MASKS will be obligatory in Spain by this Wednesday, according to statements made by health minister Salvador Illa.
The socialist said during today’s press briefing that new regulations will be effective as soon as ‘published in the BOE’ state bulletin – and that this could happen as soon as ‘tomorrow morning’.
The measures will mandate the use of masks in closed spaces and on the street where two-meter safe distances cannot be respected.
The minister hinted at the new rules last Sunday before announcing the moves on Monday night. It follows the compulsory use of masks on public transport, effective from May 4, the same day residents were allowed out for exercise and walks.
Until now, the use of face masks has only been recommended in areas where social distancing measures cannot be respected.
Leading health research bodies, such as the World Health Organisation (WHO) and the European Center for Disease Protection and Control, initially recommended masks only for those with signs of COVID-19 – as well as healthcare workers.
However growing evidence that patients can transmit the virus before experiencing symptoms, as well as those who are asymptotic, have influenced the government’s decision making.
Illa said today to reporters that masks were a ‘precaution’ to safeguard Spain’s de-escalation plans. He said he couldn’t foresee problems of supply, and that the government has already controlled prices.
He added that ‘exceptions’ will be made for those below a certain age – yet to be determined – and those for whom mask usage is not recommended.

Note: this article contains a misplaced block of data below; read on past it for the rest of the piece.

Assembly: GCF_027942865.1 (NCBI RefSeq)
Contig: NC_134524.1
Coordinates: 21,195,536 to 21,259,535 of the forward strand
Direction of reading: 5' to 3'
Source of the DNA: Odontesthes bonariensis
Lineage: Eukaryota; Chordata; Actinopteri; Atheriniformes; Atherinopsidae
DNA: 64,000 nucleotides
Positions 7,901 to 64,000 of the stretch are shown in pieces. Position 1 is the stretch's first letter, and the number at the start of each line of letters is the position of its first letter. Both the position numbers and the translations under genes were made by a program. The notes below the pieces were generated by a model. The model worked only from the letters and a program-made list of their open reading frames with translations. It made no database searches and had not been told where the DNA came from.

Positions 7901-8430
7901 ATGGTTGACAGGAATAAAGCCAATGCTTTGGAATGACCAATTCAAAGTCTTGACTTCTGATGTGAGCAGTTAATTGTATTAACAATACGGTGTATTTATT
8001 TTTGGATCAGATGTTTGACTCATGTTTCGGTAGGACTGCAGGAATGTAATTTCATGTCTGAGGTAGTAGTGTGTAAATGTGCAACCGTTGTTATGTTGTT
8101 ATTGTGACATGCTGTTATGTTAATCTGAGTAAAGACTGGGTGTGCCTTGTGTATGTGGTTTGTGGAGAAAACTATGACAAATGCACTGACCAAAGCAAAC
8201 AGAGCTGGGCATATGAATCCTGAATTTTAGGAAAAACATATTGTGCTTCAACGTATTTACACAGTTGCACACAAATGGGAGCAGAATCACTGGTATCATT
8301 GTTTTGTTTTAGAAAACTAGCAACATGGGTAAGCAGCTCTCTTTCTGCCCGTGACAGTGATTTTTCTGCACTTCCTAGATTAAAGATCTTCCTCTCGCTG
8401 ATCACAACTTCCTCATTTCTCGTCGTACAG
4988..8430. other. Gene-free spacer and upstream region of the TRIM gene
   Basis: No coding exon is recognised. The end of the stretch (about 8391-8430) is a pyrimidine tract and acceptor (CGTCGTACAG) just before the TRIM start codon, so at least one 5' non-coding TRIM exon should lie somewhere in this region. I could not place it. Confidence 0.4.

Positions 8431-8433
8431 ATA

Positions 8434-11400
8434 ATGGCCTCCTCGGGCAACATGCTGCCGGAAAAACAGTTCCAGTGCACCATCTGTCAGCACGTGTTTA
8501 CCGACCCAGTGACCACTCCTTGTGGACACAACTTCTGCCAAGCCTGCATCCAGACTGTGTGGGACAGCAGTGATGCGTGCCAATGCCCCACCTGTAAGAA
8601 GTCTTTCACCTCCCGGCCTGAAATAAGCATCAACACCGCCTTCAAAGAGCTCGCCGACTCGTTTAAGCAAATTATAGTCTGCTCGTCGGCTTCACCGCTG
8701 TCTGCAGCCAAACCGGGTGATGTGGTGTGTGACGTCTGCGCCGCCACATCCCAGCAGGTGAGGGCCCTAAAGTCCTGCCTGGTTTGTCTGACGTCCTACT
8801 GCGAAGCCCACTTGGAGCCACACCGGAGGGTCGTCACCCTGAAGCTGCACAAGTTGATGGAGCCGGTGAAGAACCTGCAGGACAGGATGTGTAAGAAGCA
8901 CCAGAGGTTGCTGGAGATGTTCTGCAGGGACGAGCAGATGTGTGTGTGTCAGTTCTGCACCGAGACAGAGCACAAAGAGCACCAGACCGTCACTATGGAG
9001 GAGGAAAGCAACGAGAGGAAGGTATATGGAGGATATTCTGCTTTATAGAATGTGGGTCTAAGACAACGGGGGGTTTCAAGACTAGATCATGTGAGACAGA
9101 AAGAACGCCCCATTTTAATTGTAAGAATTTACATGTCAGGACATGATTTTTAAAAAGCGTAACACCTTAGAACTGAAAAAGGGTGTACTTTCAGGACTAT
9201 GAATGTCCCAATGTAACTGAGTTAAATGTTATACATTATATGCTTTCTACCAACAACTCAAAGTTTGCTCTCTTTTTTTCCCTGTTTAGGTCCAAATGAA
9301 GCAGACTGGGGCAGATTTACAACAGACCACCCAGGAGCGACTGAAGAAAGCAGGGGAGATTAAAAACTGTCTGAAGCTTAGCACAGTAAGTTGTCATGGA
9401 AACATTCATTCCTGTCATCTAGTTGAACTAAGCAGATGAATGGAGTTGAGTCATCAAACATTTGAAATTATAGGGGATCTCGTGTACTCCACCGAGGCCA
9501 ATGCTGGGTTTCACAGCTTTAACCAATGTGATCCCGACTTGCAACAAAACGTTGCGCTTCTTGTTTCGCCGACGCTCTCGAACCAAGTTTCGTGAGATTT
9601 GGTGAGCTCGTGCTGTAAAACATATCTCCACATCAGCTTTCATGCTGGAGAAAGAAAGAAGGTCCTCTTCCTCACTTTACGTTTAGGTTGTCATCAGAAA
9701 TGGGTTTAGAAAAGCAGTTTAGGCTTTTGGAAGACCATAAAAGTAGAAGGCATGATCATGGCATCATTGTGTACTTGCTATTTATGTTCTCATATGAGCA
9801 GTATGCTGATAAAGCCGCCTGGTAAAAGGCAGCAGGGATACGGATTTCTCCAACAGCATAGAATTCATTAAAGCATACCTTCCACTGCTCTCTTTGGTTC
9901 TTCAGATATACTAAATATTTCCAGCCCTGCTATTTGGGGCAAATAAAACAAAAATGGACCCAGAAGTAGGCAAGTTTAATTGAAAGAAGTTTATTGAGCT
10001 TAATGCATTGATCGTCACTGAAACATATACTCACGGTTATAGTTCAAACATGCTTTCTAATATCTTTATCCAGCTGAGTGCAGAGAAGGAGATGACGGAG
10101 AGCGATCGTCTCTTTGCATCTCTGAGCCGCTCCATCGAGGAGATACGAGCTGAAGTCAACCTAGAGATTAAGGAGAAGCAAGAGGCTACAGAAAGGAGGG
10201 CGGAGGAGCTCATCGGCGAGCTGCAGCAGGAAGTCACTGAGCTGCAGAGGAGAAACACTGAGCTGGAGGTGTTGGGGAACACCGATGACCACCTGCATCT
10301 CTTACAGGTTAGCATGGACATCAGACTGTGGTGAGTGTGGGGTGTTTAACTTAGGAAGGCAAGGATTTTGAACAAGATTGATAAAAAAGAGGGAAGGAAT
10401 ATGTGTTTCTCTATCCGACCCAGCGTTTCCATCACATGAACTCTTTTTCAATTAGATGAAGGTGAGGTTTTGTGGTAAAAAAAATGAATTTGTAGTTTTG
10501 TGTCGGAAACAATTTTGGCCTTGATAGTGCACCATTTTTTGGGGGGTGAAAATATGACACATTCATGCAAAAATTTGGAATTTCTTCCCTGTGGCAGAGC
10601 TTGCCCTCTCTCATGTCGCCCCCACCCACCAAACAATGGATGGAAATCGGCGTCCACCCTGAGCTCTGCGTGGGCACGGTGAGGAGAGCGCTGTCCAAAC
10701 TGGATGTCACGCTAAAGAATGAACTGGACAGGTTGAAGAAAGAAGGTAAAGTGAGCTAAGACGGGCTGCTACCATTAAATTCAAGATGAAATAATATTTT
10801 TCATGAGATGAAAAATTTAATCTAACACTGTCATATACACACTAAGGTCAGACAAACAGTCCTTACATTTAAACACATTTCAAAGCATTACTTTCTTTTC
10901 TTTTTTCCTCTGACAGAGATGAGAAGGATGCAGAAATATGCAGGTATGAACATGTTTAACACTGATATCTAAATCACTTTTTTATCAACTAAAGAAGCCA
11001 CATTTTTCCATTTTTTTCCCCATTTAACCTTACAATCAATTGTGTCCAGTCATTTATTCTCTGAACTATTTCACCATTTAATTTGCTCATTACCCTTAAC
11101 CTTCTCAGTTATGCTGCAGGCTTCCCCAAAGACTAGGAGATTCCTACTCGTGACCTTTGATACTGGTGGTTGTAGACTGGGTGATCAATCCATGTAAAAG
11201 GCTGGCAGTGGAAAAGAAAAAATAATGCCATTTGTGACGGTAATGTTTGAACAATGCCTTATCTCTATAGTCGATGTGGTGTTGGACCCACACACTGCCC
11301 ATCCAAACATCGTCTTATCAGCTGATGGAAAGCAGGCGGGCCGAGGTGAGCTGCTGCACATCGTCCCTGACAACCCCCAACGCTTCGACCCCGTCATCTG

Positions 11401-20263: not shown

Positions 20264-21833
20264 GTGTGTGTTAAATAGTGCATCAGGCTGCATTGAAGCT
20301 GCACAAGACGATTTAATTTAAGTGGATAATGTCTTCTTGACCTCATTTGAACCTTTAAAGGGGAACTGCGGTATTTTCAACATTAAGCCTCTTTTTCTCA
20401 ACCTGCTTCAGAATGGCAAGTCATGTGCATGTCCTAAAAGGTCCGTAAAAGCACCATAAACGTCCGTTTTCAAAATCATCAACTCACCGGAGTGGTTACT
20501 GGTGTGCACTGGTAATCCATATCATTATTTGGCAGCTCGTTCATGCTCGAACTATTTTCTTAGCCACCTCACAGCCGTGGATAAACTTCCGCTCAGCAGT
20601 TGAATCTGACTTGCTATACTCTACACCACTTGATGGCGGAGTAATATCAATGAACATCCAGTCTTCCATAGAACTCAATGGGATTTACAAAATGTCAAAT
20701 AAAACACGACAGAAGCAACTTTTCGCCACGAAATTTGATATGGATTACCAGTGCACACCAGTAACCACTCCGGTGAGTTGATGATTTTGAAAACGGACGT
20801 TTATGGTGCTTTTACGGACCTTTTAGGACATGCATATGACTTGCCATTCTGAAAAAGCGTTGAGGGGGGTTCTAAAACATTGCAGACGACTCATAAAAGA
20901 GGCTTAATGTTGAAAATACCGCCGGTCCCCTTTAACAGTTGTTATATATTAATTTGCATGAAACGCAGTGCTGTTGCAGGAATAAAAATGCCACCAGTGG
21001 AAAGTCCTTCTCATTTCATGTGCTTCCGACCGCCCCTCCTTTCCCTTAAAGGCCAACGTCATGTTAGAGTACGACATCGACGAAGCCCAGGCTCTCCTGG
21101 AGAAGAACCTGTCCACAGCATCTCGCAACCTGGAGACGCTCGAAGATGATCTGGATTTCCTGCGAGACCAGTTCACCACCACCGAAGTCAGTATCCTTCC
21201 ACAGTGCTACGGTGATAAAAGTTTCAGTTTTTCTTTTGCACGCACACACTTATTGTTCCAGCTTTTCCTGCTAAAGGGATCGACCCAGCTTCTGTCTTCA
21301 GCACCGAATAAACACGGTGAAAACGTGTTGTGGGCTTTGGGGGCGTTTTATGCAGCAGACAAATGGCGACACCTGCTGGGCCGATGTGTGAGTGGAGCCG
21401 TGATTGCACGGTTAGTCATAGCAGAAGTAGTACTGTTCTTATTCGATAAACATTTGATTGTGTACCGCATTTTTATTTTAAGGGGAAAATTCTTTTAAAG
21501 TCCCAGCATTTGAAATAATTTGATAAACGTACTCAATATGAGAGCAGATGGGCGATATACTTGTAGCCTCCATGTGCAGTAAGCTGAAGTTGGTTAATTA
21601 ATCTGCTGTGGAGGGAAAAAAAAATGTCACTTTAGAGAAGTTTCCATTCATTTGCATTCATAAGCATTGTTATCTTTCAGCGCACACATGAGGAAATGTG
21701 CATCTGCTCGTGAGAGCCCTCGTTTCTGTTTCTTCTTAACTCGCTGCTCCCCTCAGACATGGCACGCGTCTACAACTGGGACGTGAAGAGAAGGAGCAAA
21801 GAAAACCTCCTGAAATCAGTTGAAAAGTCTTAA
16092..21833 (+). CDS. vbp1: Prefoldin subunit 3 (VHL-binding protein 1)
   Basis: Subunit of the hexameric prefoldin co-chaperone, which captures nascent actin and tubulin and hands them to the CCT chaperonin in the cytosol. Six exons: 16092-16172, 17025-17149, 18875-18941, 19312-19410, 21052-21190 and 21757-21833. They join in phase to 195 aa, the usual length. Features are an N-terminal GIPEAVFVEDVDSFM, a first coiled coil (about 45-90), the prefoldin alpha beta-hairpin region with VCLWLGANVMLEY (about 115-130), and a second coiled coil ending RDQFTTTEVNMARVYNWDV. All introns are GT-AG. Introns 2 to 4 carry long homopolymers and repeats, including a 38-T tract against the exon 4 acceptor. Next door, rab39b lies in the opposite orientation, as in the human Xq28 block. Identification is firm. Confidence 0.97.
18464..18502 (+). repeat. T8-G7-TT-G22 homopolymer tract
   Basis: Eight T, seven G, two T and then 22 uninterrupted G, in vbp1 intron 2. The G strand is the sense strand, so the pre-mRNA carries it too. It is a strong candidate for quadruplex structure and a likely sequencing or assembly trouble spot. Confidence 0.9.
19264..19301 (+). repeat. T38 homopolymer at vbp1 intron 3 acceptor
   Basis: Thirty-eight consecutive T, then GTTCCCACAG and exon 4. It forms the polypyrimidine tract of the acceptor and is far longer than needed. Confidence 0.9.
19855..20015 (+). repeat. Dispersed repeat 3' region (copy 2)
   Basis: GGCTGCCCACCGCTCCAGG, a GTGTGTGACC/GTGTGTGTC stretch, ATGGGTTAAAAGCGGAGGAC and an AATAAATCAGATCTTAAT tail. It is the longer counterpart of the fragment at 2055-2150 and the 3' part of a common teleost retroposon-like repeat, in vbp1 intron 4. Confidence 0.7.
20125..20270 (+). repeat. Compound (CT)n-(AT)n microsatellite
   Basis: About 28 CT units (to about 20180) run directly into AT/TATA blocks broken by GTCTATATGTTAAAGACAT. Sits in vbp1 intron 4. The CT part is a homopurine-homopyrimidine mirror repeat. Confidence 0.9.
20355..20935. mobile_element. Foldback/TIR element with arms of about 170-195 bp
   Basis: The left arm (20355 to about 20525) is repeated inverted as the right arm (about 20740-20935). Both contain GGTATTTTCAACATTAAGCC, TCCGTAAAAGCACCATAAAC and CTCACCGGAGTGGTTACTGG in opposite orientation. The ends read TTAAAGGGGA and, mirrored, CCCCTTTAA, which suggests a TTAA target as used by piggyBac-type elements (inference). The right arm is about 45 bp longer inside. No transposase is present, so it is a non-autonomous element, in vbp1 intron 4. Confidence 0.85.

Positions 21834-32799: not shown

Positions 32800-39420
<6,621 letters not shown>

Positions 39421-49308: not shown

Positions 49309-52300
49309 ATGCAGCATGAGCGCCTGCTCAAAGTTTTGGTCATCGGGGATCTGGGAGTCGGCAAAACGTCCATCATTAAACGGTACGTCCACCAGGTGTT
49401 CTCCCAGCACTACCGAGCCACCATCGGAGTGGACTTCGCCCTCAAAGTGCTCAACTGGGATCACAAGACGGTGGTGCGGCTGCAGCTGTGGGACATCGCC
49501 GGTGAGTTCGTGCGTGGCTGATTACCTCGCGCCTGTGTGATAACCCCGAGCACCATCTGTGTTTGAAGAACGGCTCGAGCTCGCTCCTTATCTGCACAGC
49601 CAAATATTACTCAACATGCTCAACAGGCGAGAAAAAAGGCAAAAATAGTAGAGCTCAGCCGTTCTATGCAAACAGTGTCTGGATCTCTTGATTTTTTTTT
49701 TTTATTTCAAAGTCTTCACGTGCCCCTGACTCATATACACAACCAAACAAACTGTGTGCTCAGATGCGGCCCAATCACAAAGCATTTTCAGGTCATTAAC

It follows a response made by Fernando Simon, director of the Health Ministry’s Coordination Center for Health Alerts, during a press briefing last week that obligatory mask usage was an ‘overreaction’.
“I’m not going to give an opinion for or against them being obligatory. There is now a high recommendation for anyone who goes onto the street [to wear one]. Making them obligatory is to overact a bit, it might be okay, but perhaps we should act in other areas. The best mask is a two-meter distance.”
He warned that a face mask may be a problem for some people, such as those with anxiety, chronic pulmonary obstructive disease or other respiratory restriction issues.
El Confidencial Digital has suggested fines for contravention of the rules will start from 300 euros.
It comes after the Olive Press reported on a British expat on the Costa Blanca who tested positive to COVID-19 twice in two months.
After completing an initial quarantine period, Ian Tanner believed he was ‘immune’ and began returning to the shops as well as seeing his grandchildren and family.
But a month after having the all clear, he tested positive again after seeing is doctor complaining of back pain. He told this paper that had it not been for the back pain, he would have been ‘out there and probably without a mask on, maybe infecting friends’.